FOXBOROUGH, Mass. -- This is a season in which each of the widely acknowledged roster of Super Bowl contenders has, at times, looked ordinary and beatable.
It happened to the Seahawks at Indianapolis, and again in the first half against then-winless Tampa Bay. It struck the Saints late on the road at New England and in a loss to the Jets at MetLife Stadium. The Bengals melted down late in Miami; the Panthers barely functioned in a loss at Arizona.
And it happened to both the Broncos and Patriots on Sunday. Each spent 30 minutes in control of the spotlight -- and the other 30 minutes in icy darkness. A stalemate would have been an appropriate result, and would have happened if not for Ryan Allen's punt bouncing off
Tony Carter's leg.
It's possible that there ends up being no difference between a loss or a tie for the Broncos in their quest to win the AFC West; that depends on other factors, particularly next week's vital game at Arrowhead Stadium. But a 31-0 Patriots sprint in the second half was another reminder that this Broncos team, while elite, is far from perfect -- and certainly needs to reach another level if it is to avoid situations like Sunday's, where the difference in result comes down to the element of randomness.
And now, a look back at how the three keys to the game, identified Sunday, transpired:
1. PROTECT PEYTON.
Manning was hit four times and sacked twice -- more than the previous week from the Broncos' perspective, but less than the last month of games for the Patriots, whose pass rush had been dominant at times. But where the Patriots flourished was in maintaining tight coverage, even with a hurting group of defensive backs, leading to many contested throws.
2. CHALLENGE NEW ENGLAND'S SECONDARY.
New England's defensive backfield was banged up, and the Patriots compensated by putting their efforts into trying to disrupt Manning and the passing game with rushes from the edges. But the Broncos' method of counteracting was not to gamble on the tricky winds, but to put the game in the hands of
Knowshon Moreno, Montee Ball, and, by overtime, undrafted rookie C.J. Anderson.
"Our running game was working, so that's what we were going with. When you're running the ball well, that's a good thing," said Manning.
But it's also a different era, one in which a prodigious running performance isn't a guarantee of victory. Sunday, Knowshon Moreno posted the seventh 200-yard rushing game in Broncos history, and also became the 16th running back in team annals to gain at least 180 yards.
Until Sunday, the Broncos had never lost when one of their running backs had gained at least 180 yards, and had lost just once when rushing for over 250 yards as a team. Of course, that loss came in the Broncos' last previous 250-yard game, against New England on Dec. 18, 2011.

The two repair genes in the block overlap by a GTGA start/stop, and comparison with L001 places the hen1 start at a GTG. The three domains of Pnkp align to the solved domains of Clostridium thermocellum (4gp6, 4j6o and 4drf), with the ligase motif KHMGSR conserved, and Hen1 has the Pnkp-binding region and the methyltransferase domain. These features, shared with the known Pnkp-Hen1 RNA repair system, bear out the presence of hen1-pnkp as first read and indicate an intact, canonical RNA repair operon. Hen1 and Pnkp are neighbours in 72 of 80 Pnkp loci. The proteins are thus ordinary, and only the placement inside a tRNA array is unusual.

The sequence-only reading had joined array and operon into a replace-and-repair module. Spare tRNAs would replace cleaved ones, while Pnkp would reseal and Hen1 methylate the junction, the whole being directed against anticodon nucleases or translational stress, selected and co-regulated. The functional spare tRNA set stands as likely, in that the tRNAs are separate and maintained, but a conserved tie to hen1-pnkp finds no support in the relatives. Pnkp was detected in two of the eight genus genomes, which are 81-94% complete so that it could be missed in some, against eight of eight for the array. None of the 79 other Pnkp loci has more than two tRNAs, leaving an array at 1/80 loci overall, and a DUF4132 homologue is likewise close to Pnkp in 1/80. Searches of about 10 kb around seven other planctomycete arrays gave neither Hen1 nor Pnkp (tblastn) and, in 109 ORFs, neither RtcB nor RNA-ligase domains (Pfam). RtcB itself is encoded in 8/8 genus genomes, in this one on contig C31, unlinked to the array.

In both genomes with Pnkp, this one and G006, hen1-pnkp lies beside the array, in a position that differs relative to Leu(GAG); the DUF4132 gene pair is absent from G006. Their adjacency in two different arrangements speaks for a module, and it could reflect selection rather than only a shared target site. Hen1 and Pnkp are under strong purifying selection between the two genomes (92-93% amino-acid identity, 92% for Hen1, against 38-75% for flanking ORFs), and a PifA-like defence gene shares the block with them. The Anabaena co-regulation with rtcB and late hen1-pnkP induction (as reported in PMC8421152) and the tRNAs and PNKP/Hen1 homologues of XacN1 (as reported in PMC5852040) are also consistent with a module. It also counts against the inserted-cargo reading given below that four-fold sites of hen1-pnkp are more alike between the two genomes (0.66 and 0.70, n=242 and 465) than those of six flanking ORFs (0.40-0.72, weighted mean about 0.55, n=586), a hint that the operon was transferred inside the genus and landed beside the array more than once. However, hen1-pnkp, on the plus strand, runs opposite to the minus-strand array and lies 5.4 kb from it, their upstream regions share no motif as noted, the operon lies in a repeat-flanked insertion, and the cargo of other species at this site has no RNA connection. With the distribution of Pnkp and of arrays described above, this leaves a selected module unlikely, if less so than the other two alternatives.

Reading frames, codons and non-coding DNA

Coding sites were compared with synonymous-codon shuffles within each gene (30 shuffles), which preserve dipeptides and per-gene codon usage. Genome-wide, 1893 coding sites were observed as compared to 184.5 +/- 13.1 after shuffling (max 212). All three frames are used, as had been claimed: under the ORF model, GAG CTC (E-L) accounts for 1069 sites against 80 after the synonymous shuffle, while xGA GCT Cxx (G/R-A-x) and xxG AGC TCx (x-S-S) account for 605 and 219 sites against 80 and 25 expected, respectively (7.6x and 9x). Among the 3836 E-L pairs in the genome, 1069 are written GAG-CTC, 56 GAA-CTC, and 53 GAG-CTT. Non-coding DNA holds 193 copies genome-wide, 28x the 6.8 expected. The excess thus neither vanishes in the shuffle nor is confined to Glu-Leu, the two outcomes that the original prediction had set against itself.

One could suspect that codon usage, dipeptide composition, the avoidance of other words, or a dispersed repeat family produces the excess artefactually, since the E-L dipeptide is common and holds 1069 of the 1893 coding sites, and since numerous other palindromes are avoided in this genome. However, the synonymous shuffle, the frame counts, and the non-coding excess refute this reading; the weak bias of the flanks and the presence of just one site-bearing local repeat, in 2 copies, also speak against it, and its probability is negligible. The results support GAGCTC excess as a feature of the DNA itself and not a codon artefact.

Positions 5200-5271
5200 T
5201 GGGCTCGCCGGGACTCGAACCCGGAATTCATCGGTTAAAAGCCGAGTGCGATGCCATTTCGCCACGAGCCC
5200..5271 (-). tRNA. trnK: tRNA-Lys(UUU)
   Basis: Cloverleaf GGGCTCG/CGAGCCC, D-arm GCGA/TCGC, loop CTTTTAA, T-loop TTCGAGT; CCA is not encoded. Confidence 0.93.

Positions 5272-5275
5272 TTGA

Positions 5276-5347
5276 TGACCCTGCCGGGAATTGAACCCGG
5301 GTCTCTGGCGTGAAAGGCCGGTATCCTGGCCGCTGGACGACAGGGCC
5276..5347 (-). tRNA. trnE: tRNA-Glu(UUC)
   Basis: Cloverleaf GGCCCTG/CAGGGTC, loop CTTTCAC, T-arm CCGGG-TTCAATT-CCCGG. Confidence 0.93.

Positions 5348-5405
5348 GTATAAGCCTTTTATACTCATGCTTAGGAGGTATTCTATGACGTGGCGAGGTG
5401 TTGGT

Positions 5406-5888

3. TRY TO KEEP THEM GUESSING.
The Broncos got pressure, but it wasn't often through disguising their intentions -- although dropping defensive tackle
Mitch Unrein into coverage on Von Miller's strip-sack fumble in the first quarter was a nice wrinkle.
Instead, the pass rush focused on Miller working the edges and winning one-on-one battles. The Patriots opted to take their chances with their offensive tackles working one-on-one against him, and he accounted for two of Denver's three sacks and three of the team's five hits of Tom Brady.
What the Broncos did do to keep the Patriots off-balance was try to change the looks they showed in defending tight end Rob Gronkowski. At times, the safeties were responsible; at others, linebackers like
Wesley Woodyard were issued the task. But the Broncos also used Miller and defensive end Shaun Phillips lined up in one-on-one coverage against the athletic tight end, who finished with 90 yards on seven receptions.
Shane Vereen and Julian Edelman were targeted more often, but Gronkowski is, in the parlance of Reggie Jackson, the straw that stirs the Patriots' drink. If the Broncos face New England again, they may look for even more exotic wrinkles in an attempt to defuse him, while also trying to force Brady into more errant throws to his underneath targets. It's a difficult balancing act that few have successfully executed.
AND DON'T FORGET … THE WEATHER:
If the impact of the gusty conditions was not clear in regulation, it was evident on the overtime coin toss. The Patriots won and elected to defend and have the wind at their backs rather than receive the kickoff, gambling that the Broncos could not re-trace their 80-yard, game-tying march in the same direction moments earlier. They didn't, but they did eventually drive to the New England 37, where the wind came into play once again, and the Broncos elected to punt rather than have
Matt Prater attempt a 55-yard field goal into the wind.
"I asked (special teams coordinator) Jeff (Rodgers). I said, 'Are we in range?' and he said no. I even said, 'Field goal here?' and he said 'No, I really don't think we can make this kick here,'" Del Rio said. "It was tempting because it was so close."
Another five yards, and the attempt would have been from 50 yards, and that might have been good enough to gamble. But Prater was clearly affected by the wind during his warm-up kicks, and it had scarcely ebbed by overtime.
"If we had the other direction, those five yards -- we may have had an opportunity with those five yards," Del Rio said. "It certainly ended up being in their advantage."